I have an advantage over the average learner, being that I share a house with a pattern maker who is, well, rather good at all of this. So, if you think I'm a genius for doing so much so quickly, just remember this advantage and don't be discouraged: When I got stuck, I stopped what I was doing and sat down. After a while, the answer usually came to me.
Step 0: Gather resources
If you have a seamstress/tailor at hand you'll be well ahead. I have a good in-house resource but if you don't, you're not lost yet. Most women over 60 will be able to sew and willing to help you, so find a relative.
Most pattern publishers will have a book full of tips and techniques. They'll also explain the terms sewers use. I have the Butterick, Vogue, McCalls and two Simplicity books (1957 and 1974). The Butterick book was from ebay ($9) and was published in 1949. The rest were all from op shops and church/garage sales.
The third resource is the Internet, which you clearly have already. I was still unsure about putting a zipper in my daughter's dress, so I watched a youtube video. Problem solved.
Step 1: Buy sewing stuff
I got my machine from various places, and they were all really cheap. If you want an old sewing machine, they're easily obtainable from op shops (although all the ones I've seen are around $65), car swap meets where I've seen many from $10 to $30 (my Aussie Pinnock, in mint condition as well as a hand operated 1930s Jones). You also have the option of collectibles bazaars. In the Glen Waverley one there are several machines available, from $19 upwards. If you want a new machine you're looking at a Chinese option. New machines are definitely not my area but you can buy one for just over $100. They're lighter than the old ones but I personally wouldn't have one. If you're after a classic Singer (black and silver) with a treadle and table, you need deep pockets (a very average one will still set you back nearly $200), but I saw an electric Singer black and silver machine there a few months ago for $65! Even more surprising is that it sat near the front counter for over a month before someone bought it. I wasn't tempted, since it was still more than my budget allowed (hard for me to justify spending that much on any machine). Here's the best reason to buy a Singer over a Pinnock: Support. They are still around today and support their machines back to the 1950s models (at least). They have always been extremely popular, so they're very easy to find. Parts are easy to get and cheap (sewparts have an excellent stock of Singer parts) and Singer, being around in the Internet era, offer manuals as free downloads. I chose a Pinnock and have a lot of trouble finding manuals and parts, but with lots of spare machines, I hope it will go on for a while yet.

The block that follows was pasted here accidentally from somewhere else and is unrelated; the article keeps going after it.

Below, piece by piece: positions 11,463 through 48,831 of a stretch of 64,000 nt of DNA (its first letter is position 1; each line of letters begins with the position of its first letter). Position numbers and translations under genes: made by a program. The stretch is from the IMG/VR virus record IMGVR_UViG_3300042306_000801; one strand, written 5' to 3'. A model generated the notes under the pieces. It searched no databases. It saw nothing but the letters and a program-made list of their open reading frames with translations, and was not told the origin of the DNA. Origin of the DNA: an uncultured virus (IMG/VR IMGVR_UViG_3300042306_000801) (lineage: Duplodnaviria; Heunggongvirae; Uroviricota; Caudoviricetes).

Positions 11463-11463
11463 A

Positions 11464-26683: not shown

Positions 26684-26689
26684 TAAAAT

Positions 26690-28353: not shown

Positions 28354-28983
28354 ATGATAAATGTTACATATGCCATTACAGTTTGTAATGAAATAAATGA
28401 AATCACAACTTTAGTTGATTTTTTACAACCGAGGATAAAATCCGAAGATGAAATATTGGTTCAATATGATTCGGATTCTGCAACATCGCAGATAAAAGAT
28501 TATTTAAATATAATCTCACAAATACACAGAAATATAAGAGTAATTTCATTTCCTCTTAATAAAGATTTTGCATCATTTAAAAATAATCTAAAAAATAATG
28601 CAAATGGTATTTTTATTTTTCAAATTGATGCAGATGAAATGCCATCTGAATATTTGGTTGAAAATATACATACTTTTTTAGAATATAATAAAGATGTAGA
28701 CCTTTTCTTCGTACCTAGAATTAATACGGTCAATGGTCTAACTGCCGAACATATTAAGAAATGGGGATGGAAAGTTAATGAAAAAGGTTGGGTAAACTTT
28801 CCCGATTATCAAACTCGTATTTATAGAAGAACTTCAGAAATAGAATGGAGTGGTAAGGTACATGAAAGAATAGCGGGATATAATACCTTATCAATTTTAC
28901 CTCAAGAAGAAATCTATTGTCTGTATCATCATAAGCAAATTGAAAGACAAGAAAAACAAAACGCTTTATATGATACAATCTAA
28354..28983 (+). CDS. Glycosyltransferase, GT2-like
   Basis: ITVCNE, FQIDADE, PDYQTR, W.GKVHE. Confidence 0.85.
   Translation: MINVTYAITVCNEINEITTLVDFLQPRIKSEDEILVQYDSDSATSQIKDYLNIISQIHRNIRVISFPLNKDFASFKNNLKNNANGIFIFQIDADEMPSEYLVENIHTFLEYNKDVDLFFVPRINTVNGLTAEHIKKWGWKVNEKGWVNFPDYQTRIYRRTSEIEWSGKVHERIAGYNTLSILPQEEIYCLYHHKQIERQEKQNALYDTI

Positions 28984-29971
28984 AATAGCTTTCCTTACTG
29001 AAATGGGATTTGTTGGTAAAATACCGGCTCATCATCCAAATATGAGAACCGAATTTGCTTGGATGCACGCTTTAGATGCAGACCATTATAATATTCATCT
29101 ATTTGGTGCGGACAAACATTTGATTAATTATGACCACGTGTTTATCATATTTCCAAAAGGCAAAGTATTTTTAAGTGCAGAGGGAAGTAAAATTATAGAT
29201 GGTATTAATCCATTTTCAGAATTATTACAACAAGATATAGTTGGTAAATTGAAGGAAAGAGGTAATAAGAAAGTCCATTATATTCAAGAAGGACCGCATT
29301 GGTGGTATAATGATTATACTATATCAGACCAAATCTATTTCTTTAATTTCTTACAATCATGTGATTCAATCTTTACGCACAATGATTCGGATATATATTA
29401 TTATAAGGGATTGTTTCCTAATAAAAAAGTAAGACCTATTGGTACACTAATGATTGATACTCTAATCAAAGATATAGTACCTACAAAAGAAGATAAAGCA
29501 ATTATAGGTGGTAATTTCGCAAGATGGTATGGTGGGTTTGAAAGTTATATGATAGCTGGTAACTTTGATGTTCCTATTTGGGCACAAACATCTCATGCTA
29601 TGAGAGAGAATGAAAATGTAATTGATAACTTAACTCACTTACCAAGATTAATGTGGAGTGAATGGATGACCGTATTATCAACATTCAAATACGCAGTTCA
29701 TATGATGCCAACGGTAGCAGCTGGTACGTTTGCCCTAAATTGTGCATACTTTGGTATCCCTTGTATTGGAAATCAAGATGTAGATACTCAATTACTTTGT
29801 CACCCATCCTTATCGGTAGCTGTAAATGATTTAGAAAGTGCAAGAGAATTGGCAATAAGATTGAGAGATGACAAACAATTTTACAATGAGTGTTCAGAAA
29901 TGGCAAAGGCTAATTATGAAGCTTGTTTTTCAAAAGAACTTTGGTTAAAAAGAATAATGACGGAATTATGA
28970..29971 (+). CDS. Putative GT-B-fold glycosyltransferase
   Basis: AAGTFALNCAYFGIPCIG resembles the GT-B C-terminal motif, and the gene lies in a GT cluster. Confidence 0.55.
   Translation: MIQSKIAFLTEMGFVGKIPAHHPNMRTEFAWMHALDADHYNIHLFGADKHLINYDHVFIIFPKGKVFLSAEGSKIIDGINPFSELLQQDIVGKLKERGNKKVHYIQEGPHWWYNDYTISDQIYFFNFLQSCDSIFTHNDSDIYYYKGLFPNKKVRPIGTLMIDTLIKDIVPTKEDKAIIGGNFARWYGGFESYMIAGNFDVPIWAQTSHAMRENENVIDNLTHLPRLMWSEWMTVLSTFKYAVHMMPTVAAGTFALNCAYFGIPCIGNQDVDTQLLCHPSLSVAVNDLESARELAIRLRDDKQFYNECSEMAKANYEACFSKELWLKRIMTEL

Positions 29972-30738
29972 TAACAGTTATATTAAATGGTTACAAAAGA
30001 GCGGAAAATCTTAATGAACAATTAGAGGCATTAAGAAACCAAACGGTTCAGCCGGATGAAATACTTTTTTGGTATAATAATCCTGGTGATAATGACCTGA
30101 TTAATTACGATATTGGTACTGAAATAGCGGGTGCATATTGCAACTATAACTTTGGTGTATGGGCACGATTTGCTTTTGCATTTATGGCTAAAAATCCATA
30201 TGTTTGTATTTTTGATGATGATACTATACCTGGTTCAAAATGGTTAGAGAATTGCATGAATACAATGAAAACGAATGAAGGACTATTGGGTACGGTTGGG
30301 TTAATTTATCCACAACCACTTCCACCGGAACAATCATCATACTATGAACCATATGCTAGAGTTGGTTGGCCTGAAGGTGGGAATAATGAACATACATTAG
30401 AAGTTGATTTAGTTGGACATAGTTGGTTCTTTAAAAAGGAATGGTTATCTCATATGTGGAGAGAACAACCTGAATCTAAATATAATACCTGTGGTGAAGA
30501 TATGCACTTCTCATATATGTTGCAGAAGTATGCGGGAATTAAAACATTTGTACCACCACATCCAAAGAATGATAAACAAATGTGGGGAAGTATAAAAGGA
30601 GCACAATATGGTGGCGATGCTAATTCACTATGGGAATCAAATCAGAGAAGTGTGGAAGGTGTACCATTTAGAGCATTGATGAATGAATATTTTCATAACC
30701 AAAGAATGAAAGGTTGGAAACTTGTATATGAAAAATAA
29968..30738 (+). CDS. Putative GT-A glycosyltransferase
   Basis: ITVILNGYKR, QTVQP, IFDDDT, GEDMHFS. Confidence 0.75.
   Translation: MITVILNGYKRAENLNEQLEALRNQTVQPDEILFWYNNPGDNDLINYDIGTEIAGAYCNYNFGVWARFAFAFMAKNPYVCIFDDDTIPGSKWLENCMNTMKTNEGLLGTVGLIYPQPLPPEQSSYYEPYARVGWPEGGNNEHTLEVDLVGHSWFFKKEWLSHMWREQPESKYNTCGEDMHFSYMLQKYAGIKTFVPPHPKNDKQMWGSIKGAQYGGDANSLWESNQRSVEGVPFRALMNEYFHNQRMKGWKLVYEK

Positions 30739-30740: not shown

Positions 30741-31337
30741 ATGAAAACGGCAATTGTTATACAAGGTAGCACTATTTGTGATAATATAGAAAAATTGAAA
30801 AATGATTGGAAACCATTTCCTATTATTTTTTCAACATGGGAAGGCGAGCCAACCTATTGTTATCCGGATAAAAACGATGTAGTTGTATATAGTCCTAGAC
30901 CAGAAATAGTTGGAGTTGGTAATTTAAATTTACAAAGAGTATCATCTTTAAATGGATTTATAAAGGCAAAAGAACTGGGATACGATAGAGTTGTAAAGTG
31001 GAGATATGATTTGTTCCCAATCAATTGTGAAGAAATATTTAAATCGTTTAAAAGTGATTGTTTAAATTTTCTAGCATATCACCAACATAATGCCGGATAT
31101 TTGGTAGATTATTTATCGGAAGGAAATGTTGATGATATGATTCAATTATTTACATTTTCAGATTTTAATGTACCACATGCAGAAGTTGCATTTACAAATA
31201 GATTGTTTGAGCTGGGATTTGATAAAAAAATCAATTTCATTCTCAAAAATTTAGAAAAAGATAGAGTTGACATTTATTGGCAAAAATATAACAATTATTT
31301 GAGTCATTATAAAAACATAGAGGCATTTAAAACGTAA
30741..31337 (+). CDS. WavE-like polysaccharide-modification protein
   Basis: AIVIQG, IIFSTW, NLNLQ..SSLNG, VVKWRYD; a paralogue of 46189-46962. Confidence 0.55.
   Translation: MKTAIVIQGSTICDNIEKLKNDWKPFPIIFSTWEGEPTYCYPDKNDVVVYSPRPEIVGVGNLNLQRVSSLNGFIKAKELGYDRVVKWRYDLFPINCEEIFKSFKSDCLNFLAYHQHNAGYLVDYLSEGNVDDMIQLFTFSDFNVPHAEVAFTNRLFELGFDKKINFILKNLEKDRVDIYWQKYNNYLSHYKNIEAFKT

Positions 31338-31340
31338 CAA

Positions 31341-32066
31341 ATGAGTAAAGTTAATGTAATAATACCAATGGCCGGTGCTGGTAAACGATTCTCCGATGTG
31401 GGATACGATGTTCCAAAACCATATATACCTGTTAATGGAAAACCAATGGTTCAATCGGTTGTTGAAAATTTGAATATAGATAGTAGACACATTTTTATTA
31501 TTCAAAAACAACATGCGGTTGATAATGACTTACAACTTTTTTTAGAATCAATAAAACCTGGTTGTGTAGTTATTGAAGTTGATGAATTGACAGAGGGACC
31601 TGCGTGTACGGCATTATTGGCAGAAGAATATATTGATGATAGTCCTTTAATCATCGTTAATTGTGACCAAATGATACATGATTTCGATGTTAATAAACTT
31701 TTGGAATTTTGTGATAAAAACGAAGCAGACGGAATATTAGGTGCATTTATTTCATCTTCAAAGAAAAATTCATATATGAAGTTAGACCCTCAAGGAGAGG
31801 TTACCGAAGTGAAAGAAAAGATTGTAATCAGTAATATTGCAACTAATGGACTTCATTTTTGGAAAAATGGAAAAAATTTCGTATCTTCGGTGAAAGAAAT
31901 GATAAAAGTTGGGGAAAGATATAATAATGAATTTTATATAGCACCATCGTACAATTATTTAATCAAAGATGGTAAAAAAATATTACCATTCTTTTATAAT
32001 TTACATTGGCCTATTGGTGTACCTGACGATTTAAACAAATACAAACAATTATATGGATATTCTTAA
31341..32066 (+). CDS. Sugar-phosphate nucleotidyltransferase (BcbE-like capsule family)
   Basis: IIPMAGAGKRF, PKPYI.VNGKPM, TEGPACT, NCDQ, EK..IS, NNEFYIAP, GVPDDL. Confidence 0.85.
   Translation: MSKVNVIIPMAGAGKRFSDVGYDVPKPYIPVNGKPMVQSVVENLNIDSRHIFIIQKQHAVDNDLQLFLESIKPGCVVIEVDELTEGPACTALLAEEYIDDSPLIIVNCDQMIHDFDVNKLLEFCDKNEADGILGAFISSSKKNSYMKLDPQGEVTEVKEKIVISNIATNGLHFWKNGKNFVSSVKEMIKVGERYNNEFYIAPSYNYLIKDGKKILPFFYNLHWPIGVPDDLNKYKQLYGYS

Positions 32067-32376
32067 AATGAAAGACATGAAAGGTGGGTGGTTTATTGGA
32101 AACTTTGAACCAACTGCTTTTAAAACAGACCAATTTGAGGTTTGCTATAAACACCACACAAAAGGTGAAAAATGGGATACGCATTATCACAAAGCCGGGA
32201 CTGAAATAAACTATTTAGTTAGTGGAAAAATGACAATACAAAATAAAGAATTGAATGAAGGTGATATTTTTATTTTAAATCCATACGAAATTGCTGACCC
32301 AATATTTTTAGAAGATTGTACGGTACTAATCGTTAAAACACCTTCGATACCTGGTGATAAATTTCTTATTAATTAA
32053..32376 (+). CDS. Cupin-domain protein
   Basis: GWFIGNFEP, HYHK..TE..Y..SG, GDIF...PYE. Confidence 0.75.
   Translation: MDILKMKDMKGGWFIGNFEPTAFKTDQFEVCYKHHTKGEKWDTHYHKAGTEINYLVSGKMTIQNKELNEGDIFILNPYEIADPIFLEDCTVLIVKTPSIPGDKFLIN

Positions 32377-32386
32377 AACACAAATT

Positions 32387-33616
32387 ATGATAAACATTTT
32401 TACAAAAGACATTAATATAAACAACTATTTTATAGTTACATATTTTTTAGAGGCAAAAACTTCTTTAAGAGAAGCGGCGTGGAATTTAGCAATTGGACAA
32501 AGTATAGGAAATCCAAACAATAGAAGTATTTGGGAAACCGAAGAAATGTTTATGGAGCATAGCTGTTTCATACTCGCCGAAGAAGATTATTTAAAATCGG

You'll also need hand sewing stuff. This is all pretty cheap and I can recommend sewparts in Victoria Street. By far the friendliest and most helpful shop I've been to. No, I don't work there, have shares or get a commission: When people are all nice and helpful, you want to go back there and tell everyone. They also have the basic sewing stuff very cheap (in the front window). You'll need two packs of pins, extra needles and bobbins for your machine and some thread (black, white and colours to match the fabrics in your first pattern) as well as a fabric tape measure, tailors chalk and a good pair of fabric scissors.
A large table is helpful to cut your fabric on, and an iron and ironing board are absolutely essential (you have to iron the pattern flat before cutting, and almost every time you do something).
Step 2: Choose a pattern
You have to have a pattern. Trying to make clothes without one is pointless. Even in Victorian times they used them. You must measure the person you're making the clothes for, as will be mentioned in your book. Chest (widest part), waist (narrowest part) and hips (widest) are the measurements you need. Write it down in inches and centimetres if you're thinking about old patterns, or just centimetres if you'll stick to new.
I like vintage clothes, so I get my patterns from op shops. They aren't that easy to find but if you find a good shop, they're usually about 20 to 50 cents each.If you don't want to trawl through thousands of modern patterns to get to the good vintage stuff, go to the aforementioned bazaar. There are at least two really good stalls that sell just vintage patterns for about $5.
If you have children of either gender you'll find a large choice. Kids' clothes are easier to make in general, and women (only women ever made women's and kids' clothing) seldom made their own clothes, it seems. So if you have kids, look for a kids pattern to start with.
Incidentally, it pays to like the older designs. New patterns are more work (you have to cut them from a big sheet, whereas secondhand ones have been done already) as well as more expensive (my eldest daughter found one at Savers with an original price of $27.50!).
Here's my first vintage dress pattern:
|Simplicity 5993 (1966)|
This is actually written on the pattern. Have a look at the back and you'll see what type of fabric should be used. There are usually two or three, but cotton is normal for kids' clothing. My girl chose a pattern that included a lined jacket (bottom centre in the pattern photo), so I had to ask for "shirting" for the jacket. My resource #1 had loads of light blue polka dot dress fabric, which the girl said would be perfect.
Spotlight and Lincraft are the shops I buy fabric from. Op shops are a bit useless for fabric, since they only ever get people's off cuts (usually much less than a metre long) and they aren't all that cheap anyway.
OK, that's about all I can write in one session (I have a dress to make for resource #1 for an xmas present) so here is how Simplicity 5993 turned out: